I’ll repeat this, ’cause if you don’t get anything else I say here, you really need to understand this:
WE WERE BEING FUCKING AMAZING, GODDAMMIT!!!
More fucking amazing than we ever had been in our long, amazing history.
Even with all the extra-planetary missions to the inner, rocky worlds of the solar system, after actually putting six pairs of human beings on the moon, nothing hit home like the Pioneer and – especially – the Voyager missions. We were seeing the Jovian worlds up close and personal, our miniscule craft of exploration sailing through the ring-systems, past small moons, through radiation storms, sending back images and data to the waiting humans on our distant planet.
Jupiter and Saturn … and eventually Uranus and Neptune … were no longer points of light in the sky to be mistaken for faraway stars … these became real worlds that inhabited our local neighborhood in the Milky Way … and in the end changed how we looked at the cosmos.
We could see our future, could see where things were going to lead us.
But we never really got out of near-earth orbit.
And now, decades later, George Bush was gonna revive a listless space program and send us back to the moon.
Of course he was …
Cynicism aside, the Moon Project was the only game in town … we never developed a replacement for the Orbiter, and now we’re hitching rides with the Russians. We needed something, and this was all we had to pin our hopes to. And now that is gone, too …
Aside from a well-deserved “WTF?” owing its origins to a latent sense of pride given the United States’ participation in the history in space exploration, the news does nothing to inspire optimism regarding our – humanity’s – effort to get off-planet. And I know the whole “mankind must never flag in its commitment to explore space” thing has been done to death, and better writers than I have written enough on the subject to fill several large volumes of books. But I gotta say something.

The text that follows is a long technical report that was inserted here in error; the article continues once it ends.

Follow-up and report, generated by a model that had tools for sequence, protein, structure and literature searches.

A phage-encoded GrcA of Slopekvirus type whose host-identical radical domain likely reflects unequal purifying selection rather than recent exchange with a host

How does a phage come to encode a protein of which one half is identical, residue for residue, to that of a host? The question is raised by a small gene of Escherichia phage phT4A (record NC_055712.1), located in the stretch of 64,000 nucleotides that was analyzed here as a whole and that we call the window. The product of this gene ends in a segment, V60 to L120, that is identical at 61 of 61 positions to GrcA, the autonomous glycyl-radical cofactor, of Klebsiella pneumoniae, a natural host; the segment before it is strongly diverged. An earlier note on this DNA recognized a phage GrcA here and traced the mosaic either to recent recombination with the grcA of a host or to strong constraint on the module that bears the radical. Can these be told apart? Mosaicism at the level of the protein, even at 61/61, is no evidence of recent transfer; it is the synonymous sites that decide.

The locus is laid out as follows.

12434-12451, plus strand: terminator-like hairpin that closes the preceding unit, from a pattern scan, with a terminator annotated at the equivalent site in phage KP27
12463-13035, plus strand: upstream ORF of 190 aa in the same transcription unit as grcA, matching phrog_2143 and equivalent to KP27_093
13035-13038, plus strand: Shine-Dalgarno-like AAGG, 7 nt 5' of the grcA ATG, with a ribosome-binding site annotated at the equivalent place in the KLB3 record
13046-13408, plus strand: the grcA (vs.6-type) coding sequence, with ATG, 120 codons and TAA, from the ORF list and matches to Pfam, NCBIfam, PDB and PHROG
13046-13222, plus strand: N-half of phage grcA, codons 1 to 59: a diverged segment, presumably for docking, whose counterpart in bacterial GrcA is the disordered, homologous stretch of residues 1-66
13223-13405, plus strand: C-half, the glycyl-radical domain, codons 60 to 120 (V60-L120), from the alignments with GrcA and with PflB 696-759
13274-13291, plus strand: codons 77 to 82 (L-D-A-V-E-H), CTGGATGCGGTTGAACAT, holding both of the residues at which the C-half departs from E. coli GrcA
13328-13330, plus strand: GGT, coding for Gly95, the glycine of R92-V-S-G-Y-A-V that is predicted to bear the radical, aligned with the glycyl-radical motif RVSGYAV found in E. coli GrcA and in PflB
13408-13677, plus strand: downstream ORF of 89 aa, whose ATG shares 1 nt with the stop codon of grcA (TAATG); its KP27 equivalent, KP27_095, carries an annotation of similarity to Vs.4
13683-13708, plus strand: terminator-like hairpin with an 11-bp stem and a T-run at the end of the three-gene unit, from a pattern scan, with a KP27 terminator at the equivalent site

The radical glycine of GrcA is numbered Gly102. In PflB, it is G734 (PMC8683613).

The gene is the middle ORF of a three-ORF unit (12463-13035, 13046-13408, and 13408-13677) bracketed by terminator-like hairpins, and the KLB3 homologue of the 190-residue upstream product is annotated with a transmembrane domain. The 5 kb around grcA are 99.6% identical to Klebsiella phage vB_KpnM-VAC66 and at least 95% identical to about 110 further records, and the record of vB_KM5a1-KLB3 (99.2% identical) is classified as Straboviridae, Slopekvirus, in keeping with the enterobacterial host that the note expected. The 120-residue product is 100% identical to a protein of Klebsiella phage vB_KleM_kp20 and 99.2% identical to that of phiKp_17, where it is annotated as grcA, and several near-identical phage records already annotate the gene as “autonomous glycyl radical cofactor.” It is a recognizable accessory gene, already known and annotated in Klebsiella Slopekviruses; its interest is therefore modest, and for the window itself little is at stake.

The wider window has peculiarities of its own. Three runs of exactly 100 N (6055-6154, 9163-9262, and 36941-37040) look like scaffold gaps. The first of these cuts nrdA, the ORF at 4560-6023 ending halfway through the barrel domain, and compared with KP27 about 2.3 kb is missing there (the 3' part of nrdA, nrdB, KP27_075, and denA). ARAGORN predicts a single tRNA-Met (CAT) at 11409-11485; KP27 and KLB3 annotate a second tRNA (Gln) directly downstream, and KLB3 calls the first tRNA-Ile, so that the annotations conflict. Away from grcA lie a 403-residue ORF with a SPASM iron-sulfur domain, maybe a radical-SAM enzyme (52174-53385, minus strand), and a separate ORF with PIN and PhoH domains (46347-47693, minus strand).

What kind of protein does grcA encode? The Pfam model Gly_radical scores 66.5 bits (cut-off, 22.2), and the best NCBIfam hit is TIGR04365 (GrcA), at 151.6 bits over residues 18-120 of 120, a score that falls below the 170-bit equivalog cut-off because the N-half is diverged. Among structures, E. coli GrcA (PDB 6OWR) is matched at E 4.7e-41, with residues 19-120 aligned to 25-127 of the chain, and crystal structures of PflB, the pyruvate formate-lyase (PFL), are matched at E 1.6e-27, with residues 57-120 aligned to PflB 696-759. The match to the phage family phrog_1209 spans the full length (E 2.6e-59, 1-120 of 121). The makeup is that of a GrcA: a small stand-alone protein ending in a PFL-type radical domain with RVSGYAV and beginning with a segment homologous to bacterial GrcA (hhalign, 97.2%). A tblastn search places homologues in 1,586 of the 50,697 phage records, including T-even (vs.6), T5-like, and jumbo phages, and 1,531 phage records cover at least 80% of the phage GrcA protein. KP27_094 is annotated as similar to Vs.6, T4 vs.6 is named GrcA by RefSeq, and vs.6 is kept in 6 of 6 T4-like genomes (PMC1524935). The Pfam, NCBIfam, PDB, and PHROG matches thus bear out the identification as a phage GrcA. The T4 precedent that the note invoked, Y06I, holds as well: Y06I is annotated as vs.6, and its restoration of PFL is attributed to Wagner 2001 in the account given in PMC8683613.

A story … of sorts …
1981 until graduation from college in ’83, through the unintended consequences of procrastination and an odd series of synchronicities, my take-home essay tests and term papers for my ancient Greek and Roman courses were almost always due on the day of a shuttle launch. (God’s Truth, if you believe in that sort of thing.) I must have caught every early launch, and at least 80 percent of the time I was awake because I always waited until the last minute and finished those papers and tests by pulling all-nighters the day they were due. All in all, an interesting/ironic juxtaposition … regurgitate what you learned studying the cradle of Western Civilization while watching the result of the long road those ancient peoples set us on.
My family had an active part in the space race. At least, my Dad did … he wired silos for missiles at Vandenberg AFB in the early sixties. We were a space town, Lompoc, California, a place at one time destined to become a Spaceport. Think about that a second. Cape Canaveral was always that – Cape Canaveral, the first U.S. Spaceport. The Russians had Baikonur. In terms of Space, they were it. Thing is, in the popular imagination, we never really considered Canaveral a spaceport. It was just a place we launched missiles from. And who thought about Baikonur outside of Russia, NASA and the CIA?
But Vandenberg AFB was something else – a declared spaceport. How audacious … a spaceport … we were on our way to the stars!
Sadly, funding was cut, the facilities at Vandenberg were mothballed … and that dream died. Being short-sighted appears to be a genetic trait in bureaucrats.
Still, Lompoc at the beginning of the 1960s was the West Coast’s ‘Space City’. The people residing there lived and breathed the space race. When missiles went up at night everyone would rush outside to the thundering roar of an Atlas or Minuteman as it started on its test run down the Pacific Range. The rockets would burn brilliant against the indigo skies, sometimes exploding, pulsing a ring of energy as the rocket blew up … or was detonated because of a system failure. And when the early Saturn 1 launches were televised, we’d have sleepovers and gangs of kids would stay up late to watch Mission Control light the candle and send the massive missile up.